f jazz has typically remained an expressly urban form, the sophisticated, long-estranged city cousin to backwoods blues hollerin’ and all get down, Bill Frisell has done as much as any jazzer over the last twenty years to sustain and redouble ties with country, bluegrass, folk, even that bastard rock and roll, all in the name of uh-may-ree-konn-uh. But as the grayscale hustle and bustle cartoonery bedecking the liner and comfy Nonesuch slipcase of Unspeakable implicates, his latest opus is a natted up citybound affair, no mistaking. Bill’s tipped his Stetson to longtime producer-sidekick Lee Townsend (for the time being at least), traded it in for a Fedora, and stepped into a tinted limo with eclecticist project-man Hal Willner, who’s also credited as playing turntables and/or samples on most of these cuts.
The new reference point on the block (I never said this wasn’t just a further exploration of the American idiom) would be funk/soul, brother—the title of the opening cut marks our milieu as 1968, but I’d push it a few years later and identify the historosonic touchstone as the height of the Blaxploitation era. There’s plenty of cinematic slather as far as that goes; if there’s anything this record has going for it, it’s atmosphere: thick, dusky, several shades of frightening. Frisell’s timbral tendencies are as tenacious as ever, and this time out he brings the noise with an ensemble eleven strong on the fullest of these cuts, replete with squawking horns and a string section that gives the record much of its flavor. As far as the nearly omnipresent turntables, well, the booklet dutifully catalogs more sample fodder than your typical bling-hop album, (from Guy Warren of Ghana to “Kai Rautenberg Electronic Sounds” to Otto Seiben’s “Pagan Flute B,” precisely none of which I can identify), but durned if I could discern much of anything under all the ruckus.
Get it that this is a sprawling, psychaleptic dense-party record not concerned one fig with the economy and sparseness that plenty consider to be central tenets of funkology. This is soul the way Bitches Brew was rock, which is to say, not really at all, but it sure got some mean grooves. Electric Miles—maybe On the Corner here—is almost too obvious a point of sonic similarity to mention (when isn’t it these days, you know?) The chaos here is more reined in; more sublimated into texture and composition, but there is still plenty of glorious ugliness to go around. On the other hand, a few choice cuts take a different interpretation of the “atmospheric” keyword, leave out the groove entirely, and proffer brooding introspection; which isn’t to say they lack the power to unsettle. Among these, possibly my favorite selection here—the brief, almost symphonic “Hymn for Ginsberg,” just Friz ‘n’ the strings—makes me eager to check out this group’s recent record of unorthodox string quartet accompaniments to Gerhard Richter paintings.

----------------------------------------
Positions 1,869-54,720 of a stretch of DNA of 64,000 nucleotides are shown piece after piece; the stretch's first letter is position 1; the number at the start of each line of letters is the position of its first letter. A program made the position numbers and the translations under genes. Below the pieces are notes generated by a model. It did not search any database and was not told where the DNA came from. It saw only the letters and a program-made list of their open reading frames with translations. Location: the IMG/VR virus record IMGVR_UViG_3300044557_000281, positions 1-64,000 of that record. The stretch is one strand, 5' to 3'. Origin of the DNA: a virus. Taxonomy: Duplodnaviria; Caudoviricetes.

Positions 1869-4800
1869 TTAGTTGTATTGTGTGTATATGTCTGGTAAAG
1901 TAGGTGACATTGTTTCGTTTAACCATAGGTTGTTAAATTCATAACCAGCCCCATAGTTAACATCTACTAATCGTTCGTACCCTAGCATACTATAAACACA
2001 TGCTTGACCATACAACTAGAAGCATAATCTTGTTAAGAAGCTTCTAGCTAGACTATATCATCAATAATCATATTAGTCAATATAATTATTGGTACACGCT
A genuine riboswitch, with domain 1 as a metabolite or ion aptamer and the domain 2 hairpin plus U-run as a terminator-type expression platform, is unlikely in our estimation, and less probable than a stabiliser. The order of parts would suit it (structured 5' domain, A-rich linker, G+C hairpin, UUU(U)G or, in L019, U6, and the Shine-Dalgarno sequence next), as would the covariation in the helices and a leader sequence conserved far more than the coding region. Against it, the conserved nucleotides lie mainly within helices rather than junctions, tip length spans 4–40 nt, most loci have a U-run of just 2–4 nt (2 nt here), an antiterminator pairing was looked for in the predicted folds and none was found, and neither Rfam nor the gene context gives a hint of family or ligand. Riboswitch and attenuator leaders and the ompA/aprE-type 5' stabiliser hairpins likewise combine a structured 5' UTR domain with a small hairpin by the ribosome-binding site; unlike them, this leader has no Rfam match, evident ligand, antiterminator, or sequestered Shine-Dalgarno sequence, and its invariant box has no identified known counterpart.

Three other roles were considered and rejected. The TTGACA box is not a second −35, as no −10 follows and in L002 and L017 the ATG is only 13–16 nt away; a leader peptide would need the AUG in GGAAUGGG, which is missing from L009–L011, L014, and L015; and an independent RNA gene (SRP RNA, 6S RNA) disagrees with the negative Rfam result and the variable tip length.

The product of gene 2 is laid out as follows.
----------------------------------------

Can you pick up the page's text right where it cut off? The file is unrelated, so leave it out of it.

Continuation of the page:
You may notice I haven’t said much about Bill Frisell’s guitar playing on this record. Although it’s generally in evidence, it often feels like much less of a focal point than one might expect. Sometimes there’s so much else going that the listener gets distracted; elsewhere he’s just being a good little funk guitarist and keeping it min. Still, there are ample chances for him to properly hold forth, resurrecting the swagger of his righteous Gone, Just Like a Train, ripping the fuzztone on the extended “Alias,” getting all (Marc) Ribot-angular on a groover like “White Fang,” and just totally losing it on the cacophonous final blowout of “Old Sugar Bear.”
If anything, he comes off as less of a lead player on this disc because, more often than not, there aren’t real leads to play. A lot of these “tunes” don’t have melodies so much as loosely motivic riffs. The album’s closest brush with pop, “Who Was That Girl?” could almost be the backing track to a lost Motown single, just waiting for a Smokey-penned vocal line to complete the equation. Elsewhere, the cuts don’t even bother to have chord structures, much less hummable phrases. This more than anything can make Unspeakable a fairly disorienting, and indeed disengaging, listen at first, with so much textural clutter and so little to hold on to. It’s a hurdle, I won’t deny it, but as a few compulsive listens reveal, this is an album about something else. Oh, the urbanity, remember? After years of laid-back, country-inflected roots-jazz records, Frisell takes a New York minute (actually rather more: 1.2 hours says iTunes) to present a conspicuous and confounding expression of the madness, multiplicity, and paradoxical beauty of big city life.
Reviewed by: K. Ross Hoffman
Reviewed on: 2005-03-28